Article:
TThe story of Venus and Adonis has been used in various sexually ambiguous ways for centuries. Shakespeare adopts the voice of the goddess in his long poem Venus and Adonis: she pleads with her lover, or is it that of the bard? – do not go away, do not go hunting the wild boar in which it is condemned to die. Her lyricism is reflected in the paintings of Cy Twombly, in which Adonis was her former lover Robert Rauschenberg. For British modernist pioneer Duncan Grant, in a gleeful exhibition in his mural-covered, bio-stained home in the East Sussex hills, the metamorphosed body of Venus allows for an identity shift. It is not about a woman, but about a constructed abstract form with which the artist can merge, to express his own longing for Adonis.
In Grant’s 1919 painting Venus and Adonis, the goddess rests her head on her hand as she sadly watches her lover run to their deaths. Except that his massive hand floats in front of his ear, on top of a bulbous arm that is only loosely attached to a torso that itself looks like a separate creature, with nipples for eyes. Her large hips and rounded legs form an independent third being, kicking in space. The only thing that holds it together is its bright pink color.
Grant, the most talented artist in the Bloomsbury Group, showed this delusional painting in 1920 in his first solo show. Now it hangs at the beginning of a loving reconstruction of that exhibition, bringing together as many works as possible as they were hung in London’s Paterson-Carfax Gallery. What an opener. It is a comedy of identity and desire. Venus is a bewildered modern person, bursting into discontinuous fragments as she lies in a landscape that is like an unstable theater stage. And in the distance is the naked male object of passion.
At the time, Grant lived in such a modern and fluid way. At Charleston Farm in East Sussex, he lived with his two lovers, the painter Vanessa Bell and the writer David Garnett. One of the most absorbing paintings here is a large tilted view of a room where they are working. As Garnett bends over a difficult translation from Russian, Bell concentrates at his easel, painting an arrangement of apples in a long-stemmed bowl and a cup of latte.
We see the half-finished still life on Bell’s canvas, which we can compare to Grant’s much firmer and more finished depiction of rounded, geometric fruits and ceramics. He has a light touch that allows him to get away with ripping off Cézanne. He assimilates the eye of the structure of the great French artist without being so serious or introspective. Because Grant just wants to have fun.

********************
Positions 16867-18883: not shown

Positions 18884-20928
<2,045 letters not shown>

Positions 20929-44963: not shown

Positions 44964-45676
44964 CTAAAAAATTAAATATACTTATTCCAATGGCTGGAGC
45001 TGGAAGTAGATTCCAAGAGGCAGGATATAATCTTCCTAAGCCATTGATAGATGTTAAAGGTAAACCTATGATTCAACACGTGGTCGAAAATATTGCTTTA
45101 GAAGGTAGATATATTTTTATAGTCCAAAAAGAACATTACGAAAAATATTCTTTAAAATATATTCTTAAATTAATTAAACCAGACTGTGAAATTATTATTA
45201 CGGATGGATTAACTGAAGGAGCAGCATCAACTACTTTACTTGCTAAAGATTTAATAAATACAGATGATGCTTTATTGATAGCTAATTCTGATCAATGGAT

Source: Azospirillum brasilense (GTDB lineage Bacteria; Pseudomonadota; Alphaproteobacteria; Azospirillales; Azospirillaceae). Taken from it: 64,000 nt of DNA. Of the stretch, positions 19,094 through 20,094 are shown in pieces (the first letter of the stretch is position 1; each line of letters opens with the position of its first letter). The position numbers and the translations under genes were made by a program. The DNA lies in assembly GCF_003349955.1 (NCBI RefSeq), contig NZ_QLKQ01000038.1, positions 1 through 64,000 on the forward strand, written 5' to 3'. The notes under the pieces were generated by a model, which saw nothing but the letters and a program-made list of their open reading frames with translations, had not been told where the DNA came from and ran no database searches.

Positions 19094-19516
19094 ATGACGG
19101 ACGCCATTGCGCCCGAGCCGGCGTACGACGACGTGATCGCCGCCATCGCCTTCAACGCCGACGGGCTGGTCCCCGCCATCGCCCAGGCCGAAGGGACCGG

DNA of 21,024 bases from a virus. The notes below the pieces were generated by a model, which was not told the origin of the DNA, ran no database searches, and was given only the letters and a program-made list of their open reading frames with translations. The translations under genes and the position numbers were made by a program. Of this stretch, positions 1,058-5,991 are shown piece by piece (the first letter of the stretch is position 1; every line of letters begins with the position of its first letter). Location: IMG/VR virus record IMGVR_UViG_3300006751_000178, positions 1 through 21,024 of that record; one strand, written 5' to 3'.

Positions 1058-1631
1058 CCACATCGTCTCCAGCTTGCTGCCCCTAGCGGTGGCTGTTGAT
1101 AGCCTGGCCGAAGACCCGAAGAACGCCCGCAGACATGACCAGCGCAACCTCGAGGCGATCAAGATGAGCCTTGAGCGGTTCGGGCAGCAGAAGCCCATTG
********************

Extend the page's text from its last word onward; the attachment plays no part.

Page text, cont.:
His friends who bought paintings from the exhibition included the historian Lytton strachey and economist John Maynard Keynes, regular guests of this bohemian hideaway who slept with Grant. This show makes a very good case for Grant as a modern queer teacher. The publication of his erotic drawings has shown how intensely sexual his art is, and in that light, the seemingly placid domestic themes of many of his paintings are charged differently.
Grant adds something of his own to all the French modernist ideas he has tweaked. You could dismiss his nudes as knockoffs of things Matisse was doing a decade earlier. But that’s missing the twist on subversive sexuality, he adds. His painting Juggler and Tightrope Walker creates two muscular but curvilinear characters whose precise gender is irrelevant: they exist in some modernist utopia of freedom.
This exhibition shines with a sense of liberation. Grant had moved into the fields to do the farm work required of him as a conscientious objector in World War I. Yet even his barn paintings have a secret joy: who slept with whom in the hay? It helps that you can smell cow dung in this barn gallery. The realities of sex, nature, and the smells of the countryside anchor Grant’s formal loans in the sweet smell of life.
After the war, everything seemed exhausted. But this exhibit heralded the roaring 1920s. It’s not that far from Charleston to Charleston. As you enter, you are struck by a blaze of vivid colors. It has the same redeeming beauty that it should have possessed a century ago.